I thought it was important for all to understand the history behind Veteran’s Day, which we observed yesterday. It is not just an annoyance because the banks and the post office are closed. It has a special meaning and history to all who have served in the United States Military. It should carry a significant meaning to all who are citizens of this country. I am pleased that many of our schools are now observing this day with assemblies that honor our veterans. Here is the history lesson:
World War I – known at the time as “The Great War” - officially ended when the Treaty of Versailles was signed on June 28, 1919. Fighting, however, had ceased seven months earlier when an armistice, (i.e. a temporary cessation of hostilities) went into effect on the eleventh hour of the eleventh day of the eleventh month. For that reason, November 11, 1918, is generally regarded as the end of “the war to end all wars.”
In November 1919, President Woodrow Wilson declared November 11 as the first commemoration of Armistice Day. In his speech he stated: "To us in America, the reflections of Armistice Day will be filled with solemn pride in the heroism of those who died in the country’s service and with gratitude for the victory, both because of the thing from which it has freed us and because of the opportunity it has given America to show her sympathy with peace and justice in the councils of the nations…" Originally, the day was intended to be observed with parades and public meetings and a brief suspension of business beginning at 11:00 a.m.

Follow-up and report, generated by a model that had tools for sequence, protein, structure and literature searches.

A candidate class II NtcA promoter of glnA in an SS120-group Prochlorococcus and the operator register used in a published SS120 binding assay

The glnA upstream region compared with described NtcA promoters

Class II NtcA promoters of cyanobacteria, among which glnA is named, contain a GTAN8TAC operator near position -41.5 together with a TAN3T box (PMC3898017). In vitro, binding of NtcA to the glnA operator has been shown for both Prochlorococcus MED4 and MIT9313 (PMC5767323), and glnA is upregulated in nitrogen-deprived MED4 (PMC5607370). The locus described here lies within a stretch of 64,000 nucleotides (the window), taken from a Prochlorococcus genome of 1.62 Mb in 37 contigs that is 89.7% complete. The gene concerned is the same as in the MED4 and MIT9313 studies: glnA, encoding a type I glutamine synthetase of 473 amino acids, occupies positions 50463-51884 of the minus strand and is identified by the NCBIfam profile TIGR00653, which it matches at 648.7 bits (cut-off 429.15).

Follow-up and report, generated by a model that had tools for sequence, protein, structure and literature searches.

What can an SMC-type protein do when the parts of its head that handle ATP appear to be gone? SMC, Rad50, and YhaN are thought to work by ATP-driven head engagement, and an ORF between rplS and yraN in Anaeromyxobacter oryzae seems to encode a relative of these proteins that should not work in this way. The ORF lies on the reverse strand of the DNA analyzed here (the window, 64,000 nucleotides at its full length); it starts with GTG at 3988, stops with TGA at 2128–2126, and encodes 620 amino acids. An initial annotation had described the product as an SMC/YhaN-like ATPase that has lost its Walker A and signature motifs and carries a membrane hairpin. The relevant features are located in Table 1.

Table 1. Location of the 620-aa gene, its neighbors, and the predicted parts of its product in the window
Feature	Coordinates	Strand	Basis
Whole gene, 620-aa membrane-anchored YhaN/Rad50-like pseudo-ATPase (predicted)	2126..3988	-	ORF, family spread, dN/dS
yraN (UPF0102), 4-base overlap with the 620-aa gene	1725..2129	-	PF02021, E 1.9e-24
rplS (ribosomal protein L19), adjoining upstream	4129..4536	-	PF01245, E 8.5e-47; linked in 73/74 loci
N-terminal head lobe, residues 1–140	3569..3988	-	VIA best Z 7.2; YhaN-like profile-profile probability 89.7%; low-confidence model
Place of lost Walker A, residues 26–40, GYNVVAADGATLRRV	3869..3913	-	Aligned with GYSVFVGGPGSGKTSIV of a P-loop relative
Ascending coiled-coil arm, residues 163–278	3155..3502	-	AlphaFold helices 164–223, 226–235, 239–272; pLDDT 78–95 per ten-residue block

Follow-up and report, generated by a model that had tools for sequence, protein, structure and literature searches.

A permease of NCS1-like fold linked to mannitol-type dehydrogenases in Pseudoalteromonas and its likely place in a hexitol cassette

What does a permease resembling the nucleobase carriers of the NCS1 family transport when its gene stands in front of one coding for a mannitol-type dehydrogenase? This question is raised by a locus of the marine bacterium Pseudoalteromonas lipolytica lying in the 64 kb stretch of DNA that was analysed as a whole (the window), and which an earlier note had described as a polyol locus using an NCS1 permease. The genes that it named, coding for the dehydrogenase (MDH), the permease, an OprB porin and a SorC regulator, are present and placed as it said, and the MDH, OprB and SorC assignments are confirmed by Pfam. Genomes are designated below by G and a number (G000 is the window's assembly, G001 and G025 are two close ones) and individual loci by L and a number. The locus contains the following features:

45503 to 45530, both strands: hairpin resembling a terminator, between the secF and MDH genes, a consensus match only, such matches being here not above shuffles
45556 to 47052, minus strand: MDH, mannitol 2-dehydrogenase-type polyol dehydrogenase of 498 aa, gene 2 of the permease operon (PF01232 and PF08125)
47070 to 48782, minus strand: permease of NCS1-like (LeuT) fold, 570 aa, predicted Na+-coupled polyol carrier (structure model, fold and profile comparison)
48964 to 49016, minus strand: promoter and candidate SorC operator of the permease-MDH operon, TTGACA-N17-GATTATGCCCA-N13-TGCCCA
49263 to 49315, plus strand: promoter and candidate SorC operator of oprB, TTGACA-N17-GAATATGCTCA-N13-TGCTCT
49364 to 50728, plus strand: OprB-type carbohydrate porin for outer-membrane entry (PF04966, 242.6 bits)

On May 13, 1938, an Act made the 11th of November in each year a legal holiday, known as "Armistice Day.". It was to be a day dedicated to the cause of world peace. Armistice Day was primarily a day set aside to honor veterans of World War I. In 1954, after World War II, which had required the greatest mobilization of soldiers, sailors, Marines and airmen in the Nation’s history and after American forces fought aggression in Korea, the 83rd Congress, amended the Act of 1938 and replaced the word "Armistice" with the word "Veterans” making November 11th a day to honor American veterans of all wars.
For a short period of time, Veterans Day was observed as part of a federal three day weekend plan until it became apparent that the commemoration of this day was a matter of historic and patriotic importance and worthy of more than weekend holiday status. On September 20th, 1975, President Gerald R. Ford returned the annual observance of Veterans Day to its original date of November 11, beginning in 1978.
Veterans Day continues to be observed on November 11, regardless of what day of the week on which it falls. Veterans Day continues to be a celebration to honor America's veterans for their patriotism, love of country, and willingness to serve and sacrifice for the common good.
Thank you to all of the military who have helped preserve our freedom. May God bless you for your selflessness and service.
Wife, Mother, Mother, Mother, Mother, Mother, Mother, Mother, Nurse, Grandmother, Friend...that's me in a nutshell!